Raising Questions About Article On Navicular Stress Fractures

I am writing in regard to the feature article “Diagnosing and Treating Navicular Stress Fractures” (see page 52 in the November 2010 issue or see http://www.podiatrytoday.com/what-you-should-know-about-navicular-stress... ).

   I have also read the article that was published by Joseph S. Torg, MD, and colleagues in the May 2010 issue of the American Journal of Sports Medicine and this article was referenced in the Podiatry Today feature article.1 I encourage your readership to read not only that article in the American Journal of Sports Medicine but the subsequent “Letter to the Editor” the American Journal of Sports Medicine published by Amol Saxena, DPM, FACFAS, and myself.2

   It is my opinion that the authors have misinterpreted the findings from the papers I co-authored with Dr. Saxena and Dr. Hannaford. We presented the largest series of navicular stress fractures in North America. In the Journal of Foot and Ankle Surgery article, we presented a method for classifying navicular stress fractures.3 Type I is in the dorsal cortex, type II enters in the body and type III involves two cortices. We concluded that type I fractures will typically resolve with six to eight weeks of non-weightbearing immobilization as described by Khan in 1992 in the American Journal of Sports Medicine.4

   We also advocated a course of conservative therapy for Type II and Type III fractures. However, we found that type III fractures typically do not heal with conservative treatment while type II fractures can go either way. This CT classification system has been acknowledged by the orthopedic literature as well.5

   In our second paper, published in 2006, we found that surgical treatment of type II and III fractures led to a similar return to activity as non-surgically treated type 1 fractures.6 Unfortunately, the authors of the November feature article in Podiatry Today misinterpreted this as “no significant difference between surgical and conservative management.” This actually means in order for more severe navicular injuries to heal on time, they often will require surgery. In regard to other studies, type II and III injuries may have not been followed long enough to see if the patients really returned to sport, developed degenerative joint disease (DJD) or re-fractured. Refracture is often underreported as many patients will go elsewhere for treatment.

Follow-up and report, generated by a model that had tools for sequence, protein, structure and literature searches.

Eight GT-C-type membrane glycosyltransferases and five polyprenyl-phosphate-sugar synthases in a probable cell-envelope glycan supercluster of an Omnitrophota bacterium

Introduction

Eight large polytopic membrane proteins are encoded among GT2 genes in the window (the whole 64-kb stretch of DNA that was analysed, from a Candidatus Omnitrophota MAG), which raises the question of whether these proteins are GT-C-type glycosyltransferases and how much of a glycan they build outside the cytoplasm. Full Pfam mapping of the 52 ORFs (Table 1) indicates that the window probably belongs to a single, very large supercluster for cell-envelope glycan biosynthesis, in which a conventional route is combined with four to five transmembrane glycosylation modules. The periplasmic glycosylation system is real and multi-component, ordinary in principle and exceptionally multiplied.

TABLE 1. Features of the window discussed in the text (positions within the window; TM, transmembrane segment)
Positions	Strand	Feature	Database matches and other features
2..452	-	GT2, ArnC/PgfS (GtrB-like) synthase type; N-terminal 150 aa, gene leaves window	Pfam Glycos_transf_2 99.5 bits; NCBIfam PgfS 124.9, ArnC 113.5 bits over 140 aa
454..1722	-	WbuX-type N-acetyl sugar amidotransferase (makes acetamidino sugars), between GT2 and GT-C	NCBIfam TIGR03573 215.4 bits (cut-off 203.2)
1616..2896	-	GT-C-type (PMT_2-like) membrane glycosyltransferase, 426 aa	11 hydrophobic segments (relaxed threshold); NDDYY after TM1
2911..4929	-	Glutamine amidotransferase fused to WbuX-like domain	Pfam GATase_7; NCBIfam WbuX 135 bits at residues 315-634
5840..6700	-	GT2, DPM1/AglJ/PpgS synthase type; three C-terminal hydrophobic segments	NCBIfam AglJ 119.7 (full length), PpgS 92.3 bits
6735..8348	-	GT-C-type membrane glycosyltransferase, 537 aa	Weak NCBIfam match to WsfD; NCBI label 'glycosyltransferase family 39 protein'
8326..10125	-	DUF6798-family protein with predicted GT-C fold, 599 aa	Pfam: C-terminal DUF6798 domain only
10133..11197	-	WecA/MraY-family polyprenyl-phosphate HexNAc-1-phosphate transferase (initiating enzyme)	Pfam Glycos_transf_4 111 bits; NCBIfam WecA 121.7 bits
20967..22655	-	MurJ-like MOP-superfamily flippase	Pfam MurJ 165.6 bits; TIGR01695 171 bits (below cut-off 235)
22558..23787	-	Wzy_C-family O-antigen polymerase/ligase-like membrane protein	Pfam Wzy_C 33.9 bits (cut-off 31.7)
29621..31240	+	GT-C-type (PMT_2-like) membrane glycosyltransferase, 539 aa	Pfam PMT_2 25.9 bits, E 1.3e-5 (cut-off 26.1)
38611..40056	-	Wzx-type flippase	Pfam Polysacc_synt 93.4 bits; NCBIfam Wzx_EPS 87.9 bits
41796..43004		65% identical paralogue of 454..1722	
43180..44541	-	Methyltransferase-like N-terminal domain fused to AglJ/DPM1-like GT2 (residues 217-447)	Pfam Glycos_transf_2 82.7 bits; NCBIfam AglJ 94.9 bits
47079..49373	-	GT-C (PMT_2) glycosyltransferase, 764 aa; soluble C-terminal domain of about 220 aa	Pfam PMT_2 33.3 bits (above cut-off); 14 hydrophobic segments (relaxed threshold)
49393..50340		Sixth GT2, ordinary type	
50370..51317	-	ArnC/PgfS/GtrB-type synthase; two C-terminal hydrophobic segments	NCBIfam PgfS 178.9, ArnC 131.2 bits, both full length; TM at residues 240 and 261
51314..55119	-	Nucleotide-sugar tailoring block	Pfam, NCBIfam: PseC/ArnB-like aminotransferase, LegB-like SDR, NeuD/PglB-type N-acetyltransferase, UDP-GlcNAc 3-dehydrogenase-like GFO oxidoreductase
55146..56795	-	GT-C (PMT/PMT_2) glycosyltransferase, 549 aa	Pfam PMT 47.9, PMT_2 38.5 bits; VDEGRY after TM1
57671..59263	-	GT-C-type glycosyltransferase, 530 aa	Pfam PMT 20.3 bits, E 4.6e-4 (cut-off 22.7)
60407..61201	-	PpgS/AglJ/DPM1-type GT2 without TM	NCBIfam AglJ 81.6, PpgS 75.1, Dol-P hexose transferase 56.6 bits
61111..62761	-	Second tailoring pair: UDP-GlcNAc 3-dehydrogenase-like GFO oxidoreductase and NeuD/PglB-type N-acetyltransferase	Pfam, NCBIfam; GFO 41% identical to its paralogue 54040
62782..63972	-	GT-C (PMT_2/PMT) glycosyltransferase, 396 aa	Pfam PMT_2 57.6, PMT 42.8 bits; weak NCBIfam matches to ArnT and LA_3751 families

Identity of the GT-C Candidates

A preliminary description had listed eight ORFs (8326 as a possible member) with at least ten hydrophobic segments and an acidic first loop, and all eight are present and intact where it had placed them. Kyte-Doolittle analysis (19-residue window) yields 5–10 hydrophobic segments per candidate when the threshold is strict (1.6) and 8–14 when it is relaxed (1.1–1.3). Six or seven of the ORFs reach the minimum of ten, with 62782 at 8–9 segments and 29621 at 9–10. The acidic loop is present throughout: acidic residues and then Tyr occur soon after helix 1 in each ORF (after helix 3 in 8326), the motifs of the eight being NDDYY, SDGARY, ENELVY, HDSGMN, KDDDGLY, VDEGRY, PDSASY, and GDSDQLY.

Both of our papers also involved athletes, many of whom compete on a high level. We classify success as a complete return to activity in the desired sport of the patient. More than half of our surgical patients already had six weeks or more of non-weightbearing prior to undergoing surgery. The authors could have asked us that as they actually had us e-mail our data for their “meta-analysis” (which it wasn’t as there was a mixed bag of injuries and treatment).1 It is also important in certain patient populations to present surgical management of a Type III fracture as a first-line treatment. This is especially the case for professional athletes for whom the difference between three and six months of healing along with refracture is a big deal.

   I would advise anyone to question 100 percent success rates with any treatment (we had a 94 percent success rate with our surgical patients) and recommend an investigation into what basis the success is reported.6 The authors stated in their article that “Case series or reports from Ostlie, Alfred, Murray, Towne, Goergen, Ariyoshi, Miller and Ting all report a 100 percent success rate when utilizing at least six weeks of non-weightbearing management.” The majority of these articles are case reports involving only one or two patients. Clearly, there is not sufficient data from any of these to make any conclusions regarding treatment.7-14